Twitch Completely Bans Gambling and Cuts Streamer Revenue

Twitch Completely Bans Gambling and Cuts Streamer Revenue
If you haven’t been following all of the drama that has been circulating on Twitch recently - good. I am not going to explain every single thing leading up to this moment, but this new information just feels like an even harder slap in the face after what was already a stressful week for drama.

Twitch streamer, Sliker, came out and revealed that he had scammed over $300,000 from other streamers to fuel his gambling addiction. He would show his streamer peers and close friends photos of his bank account being frozen and then beg for money. The streamer also reportedly had been doing this for almost two years, even on a friend who was undergoing chemotherapy treatment at the time. Long story short, Twitch streamer XQC and Youtube streamer Ludwig agreed to help pay back every single person that Sliker owed money. 
This entire debacle reignited a conversation about gambling being allowed on Twitch. Many people came forward to talk about their own gambling addictions, resulting in the consensus that advertising gambling to any audience is bad, especially when a lot of streamers are being paid by websites like to advertise to impressionable kids (and adults).

In what felt like a weekend of nothing but bad news, Twitch came in to save the day, officially banning gambling sites. “These sites will include Stake, Rollbit, Duelbits, and Roobet. However, we may identify others as we move forward,” said Twitch in a statement posted to Twitter. 
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It felt like Twitch was actually listening to the community and finally made a decision that is a net positive, except for the streamers who only gamble while streaming. Morale for Twitch was high, for about half a day. Until Twitch made another blog post detailing that they were going to be changing the minimum streamer revenue split to 50/50 across the board for all content creators.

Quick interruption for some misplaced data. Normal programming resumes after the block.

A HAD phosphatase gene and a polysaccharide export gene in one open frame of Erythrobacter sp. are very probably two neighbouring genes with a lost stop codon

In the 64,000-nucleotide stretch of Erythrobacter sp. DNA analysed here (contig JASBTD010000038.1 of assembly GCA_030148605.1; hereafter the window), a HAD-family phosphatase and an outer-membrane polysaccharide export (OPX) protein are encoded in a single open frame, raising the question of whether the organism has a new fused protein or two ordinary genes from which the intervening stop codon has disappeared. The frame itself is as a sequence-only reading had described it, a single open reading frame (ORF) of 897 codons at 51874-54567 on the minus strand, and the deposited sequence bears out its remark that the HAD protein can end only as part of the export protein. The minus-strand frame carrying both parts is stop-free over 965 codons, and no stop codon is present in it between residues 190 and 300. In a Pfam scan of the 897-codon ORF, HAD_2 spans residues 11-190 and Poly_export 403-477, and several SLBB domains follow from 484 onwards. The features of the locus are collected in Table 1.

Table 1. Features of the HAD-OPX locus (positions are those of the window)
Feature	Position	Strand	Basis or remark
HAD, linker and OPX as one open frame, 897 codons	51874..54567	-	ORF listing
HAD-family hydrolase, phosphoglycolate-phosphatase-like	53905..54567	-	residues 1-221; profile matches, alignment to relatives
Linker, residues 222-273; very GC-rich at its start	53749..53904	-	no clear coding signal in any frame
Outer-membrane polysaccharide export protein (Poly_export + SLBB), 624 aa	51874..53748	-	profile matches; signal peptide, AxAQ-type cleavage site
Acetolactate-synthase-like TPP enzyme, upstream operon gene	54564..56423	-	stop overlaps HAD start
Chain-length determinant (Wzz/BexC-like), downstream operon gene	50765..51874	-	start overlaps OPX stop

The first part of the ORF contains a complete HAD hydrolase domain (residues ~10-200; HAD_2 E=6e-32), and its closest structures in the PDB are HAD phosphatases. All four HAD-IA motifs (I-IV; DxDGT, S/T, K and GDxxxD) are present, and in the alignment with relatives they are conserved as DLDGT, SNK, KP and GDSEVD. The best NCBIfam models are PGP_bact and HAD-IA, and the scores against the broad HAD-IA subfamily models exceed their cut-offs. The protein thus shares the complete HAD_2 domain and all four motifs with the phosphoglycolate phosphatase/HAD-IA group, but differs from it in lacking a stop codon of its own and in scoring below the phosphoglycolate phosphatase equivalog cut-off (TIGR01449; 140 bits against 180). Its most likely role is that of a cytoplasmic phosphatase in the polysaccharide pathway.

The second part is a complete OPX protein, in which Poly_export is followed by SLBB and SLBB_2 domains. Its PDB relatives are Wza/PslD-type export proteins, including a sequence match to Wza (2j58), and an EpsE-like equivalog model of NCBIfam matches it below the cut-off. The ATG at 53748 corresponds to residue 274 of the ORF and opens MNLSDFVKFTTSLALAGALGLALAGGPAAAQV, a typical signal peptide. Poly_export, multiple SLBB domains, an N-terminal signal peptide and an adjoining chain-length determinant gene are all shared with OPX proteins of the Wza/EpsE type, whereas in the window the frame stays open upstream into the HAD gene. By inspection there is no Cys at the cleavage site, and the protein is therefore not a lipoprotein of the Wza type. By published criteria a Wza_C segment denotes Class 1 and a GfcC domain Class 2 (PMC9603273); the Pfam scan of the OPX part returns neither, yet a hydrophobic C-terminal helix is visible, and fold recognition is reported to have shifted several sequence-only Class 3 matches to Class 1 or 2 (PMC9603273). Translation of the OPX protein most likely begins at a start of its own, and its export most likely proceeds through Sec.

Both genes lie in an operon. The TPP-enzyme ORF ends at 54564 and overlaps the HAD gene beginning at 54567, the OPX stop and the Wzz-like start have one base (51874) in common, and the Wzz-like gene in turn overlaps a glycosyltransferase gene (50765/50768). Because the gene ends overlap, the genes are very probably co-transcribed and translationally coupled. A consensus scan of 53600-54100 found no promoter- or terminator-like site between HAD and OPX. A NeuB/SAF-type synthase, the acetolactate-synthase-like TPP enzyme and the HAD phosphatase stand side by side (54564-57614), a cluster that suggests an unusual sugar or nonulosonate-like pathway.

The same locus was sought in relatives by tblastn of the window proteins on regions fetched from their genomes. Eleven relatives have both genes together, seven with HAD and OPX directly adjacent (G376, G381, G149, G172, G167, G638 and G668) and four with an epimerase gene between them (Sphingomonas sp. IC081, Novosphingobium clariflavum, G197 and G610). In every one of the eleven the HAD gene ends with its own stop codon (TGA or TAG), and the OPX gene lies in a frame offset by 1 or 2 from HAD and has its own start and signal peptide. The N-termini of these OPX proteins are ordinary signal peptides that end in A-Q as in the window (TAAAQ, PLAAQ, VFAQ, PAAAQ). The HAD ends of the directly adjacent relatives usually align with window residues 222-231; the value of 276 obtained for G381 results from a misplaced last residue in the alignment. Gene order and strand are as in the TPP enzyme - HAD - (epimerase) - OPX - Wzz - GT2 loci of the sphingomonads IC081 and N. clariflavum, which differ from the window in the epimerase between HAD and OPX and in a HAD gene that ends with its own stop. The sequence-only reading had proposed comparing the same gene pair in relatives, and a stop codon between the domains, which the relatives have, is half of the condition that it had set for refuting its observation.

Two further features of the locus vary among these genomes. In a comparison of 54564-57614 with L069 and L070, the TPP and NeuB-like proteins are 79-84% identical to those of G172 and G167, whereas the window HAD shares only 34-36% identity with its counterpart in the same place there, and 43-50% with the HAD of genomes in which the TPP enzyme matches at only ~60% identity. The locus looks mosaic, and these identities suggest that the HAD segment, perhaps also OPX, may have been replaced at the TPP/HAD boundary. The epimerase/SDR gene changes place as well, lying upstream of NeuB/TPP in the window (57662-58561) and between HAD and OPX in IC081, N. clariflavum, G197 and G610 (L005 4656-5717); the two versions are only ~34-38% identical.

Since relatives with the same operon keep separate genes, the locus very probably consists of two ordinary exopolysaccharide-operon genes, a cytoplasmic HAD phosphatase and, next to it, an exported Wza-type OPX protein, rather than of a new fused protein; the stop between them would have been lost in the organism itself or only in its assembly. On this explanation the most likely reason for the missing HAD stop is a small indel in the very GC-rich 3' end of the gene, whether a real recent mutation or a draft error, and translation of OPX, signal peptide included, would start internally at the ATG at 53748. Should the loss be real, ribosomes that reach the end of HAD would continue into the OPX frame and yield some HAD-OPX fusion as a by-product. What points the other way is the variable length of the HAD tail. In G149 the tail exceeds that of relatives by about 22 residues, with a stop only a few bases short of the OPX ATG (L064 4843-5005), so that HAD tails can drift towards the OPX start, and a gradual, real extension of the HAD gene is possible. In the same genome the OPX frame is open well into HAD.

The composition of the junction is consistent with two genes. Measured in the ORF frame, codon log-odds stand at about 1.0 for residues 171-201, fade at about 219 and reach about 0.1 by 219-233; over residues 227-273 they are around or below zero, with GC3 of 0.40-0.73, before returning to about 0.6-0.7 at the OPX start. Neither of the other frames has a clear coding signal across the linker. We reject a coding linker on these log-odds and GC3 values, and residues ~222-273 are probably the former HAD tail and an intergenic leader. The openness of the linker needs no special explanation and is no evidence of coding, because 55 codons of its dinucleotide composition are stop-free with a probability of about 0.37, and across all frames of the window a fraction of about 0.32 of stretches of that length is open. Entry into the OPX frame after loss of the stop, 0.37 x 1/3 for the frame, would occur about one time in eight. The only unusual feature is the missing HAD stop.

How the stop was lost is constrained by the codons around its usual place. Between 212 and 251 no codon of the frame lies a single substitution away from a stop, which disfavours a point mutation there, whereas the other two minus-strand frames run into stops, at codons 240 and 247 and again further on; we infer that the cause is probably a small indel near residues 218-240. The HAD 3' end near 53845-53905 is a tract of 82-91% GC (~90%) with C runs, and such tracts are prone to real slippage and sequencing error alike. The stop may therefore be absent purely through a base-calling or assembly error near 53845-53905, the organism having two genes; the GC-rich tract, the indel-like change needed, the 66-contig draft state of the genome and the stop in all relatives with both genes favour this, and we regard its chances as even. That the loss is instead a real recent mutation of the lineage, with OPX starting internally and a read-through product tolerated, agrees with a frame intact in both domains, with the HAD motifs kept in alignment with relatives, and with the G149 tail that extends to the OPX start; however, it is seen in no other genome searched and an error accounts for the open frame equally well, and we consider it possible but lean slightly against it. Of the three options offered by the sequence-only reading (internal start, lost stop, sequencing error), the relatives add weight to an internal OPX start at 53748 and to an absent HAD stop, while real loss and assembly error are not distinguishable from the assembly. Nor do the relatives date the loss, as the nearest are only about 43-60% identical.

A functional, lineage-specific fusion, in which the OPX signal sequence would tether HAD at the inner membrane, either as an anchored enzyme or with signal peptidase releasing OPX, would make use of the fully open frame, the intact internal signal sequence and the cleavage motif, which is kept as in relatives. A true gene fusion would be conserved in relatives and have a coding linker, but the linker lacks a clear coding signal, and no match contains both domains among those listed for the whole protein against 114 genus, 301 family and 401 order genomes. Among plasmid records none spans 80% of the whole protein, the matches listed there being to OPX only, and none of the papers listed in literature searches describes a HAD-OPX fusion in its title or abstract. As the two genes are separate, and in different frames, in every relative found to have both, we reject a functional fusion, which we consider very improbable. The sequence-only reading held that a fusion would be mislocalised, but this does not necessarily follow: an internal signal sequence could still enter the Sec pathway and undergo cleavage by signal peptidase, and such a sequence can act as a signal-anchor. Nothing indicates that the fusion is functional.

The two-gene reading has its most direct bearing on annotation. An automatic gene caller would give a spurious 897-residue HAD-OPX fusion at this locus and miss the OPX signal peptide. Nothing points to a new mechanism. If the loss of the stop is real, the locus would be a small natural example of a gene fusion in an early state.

Before this decision, most of the top streamers had a 70/30 split, but now they will be affected too. Now, like any company who doesnt give a second thought to the people actually creating the content, they place the blame on the cost to host a smaller 100 person livestream. Which would be at least an understandable excuse if Twitch wasn’t owned by Amazon. AND if their biggest live streaming competitor, Youtube, wasn't paying a 70/30 revenue split across the board for all content on their platform.  
At the end of the day, this decision is just a slap in the face to the people who make Twitch the most money. This forces creators to feel the need to run more ads on their streams, which drives viewers away. No one likes quickly clicking on a stream because something is happening live in real time (and there isn't an option to rewind like YouTube), and you get two minutes of ads that you can't skip. So this choice to cut revenue from the people who make content for your platform doesn’t help anyone and is only going to drive your streamers over to the better competition. Youtube streaming is perfect, but all of the things wrong with going live on YouTube are mainly just UI and chat issues, which could be easily fixed.

Some streamers have already expressed interest in switching platforms once this change gets implemented next year. It will be interesting to see how Youtube capitalizes on Twitch's inevitable downfall.
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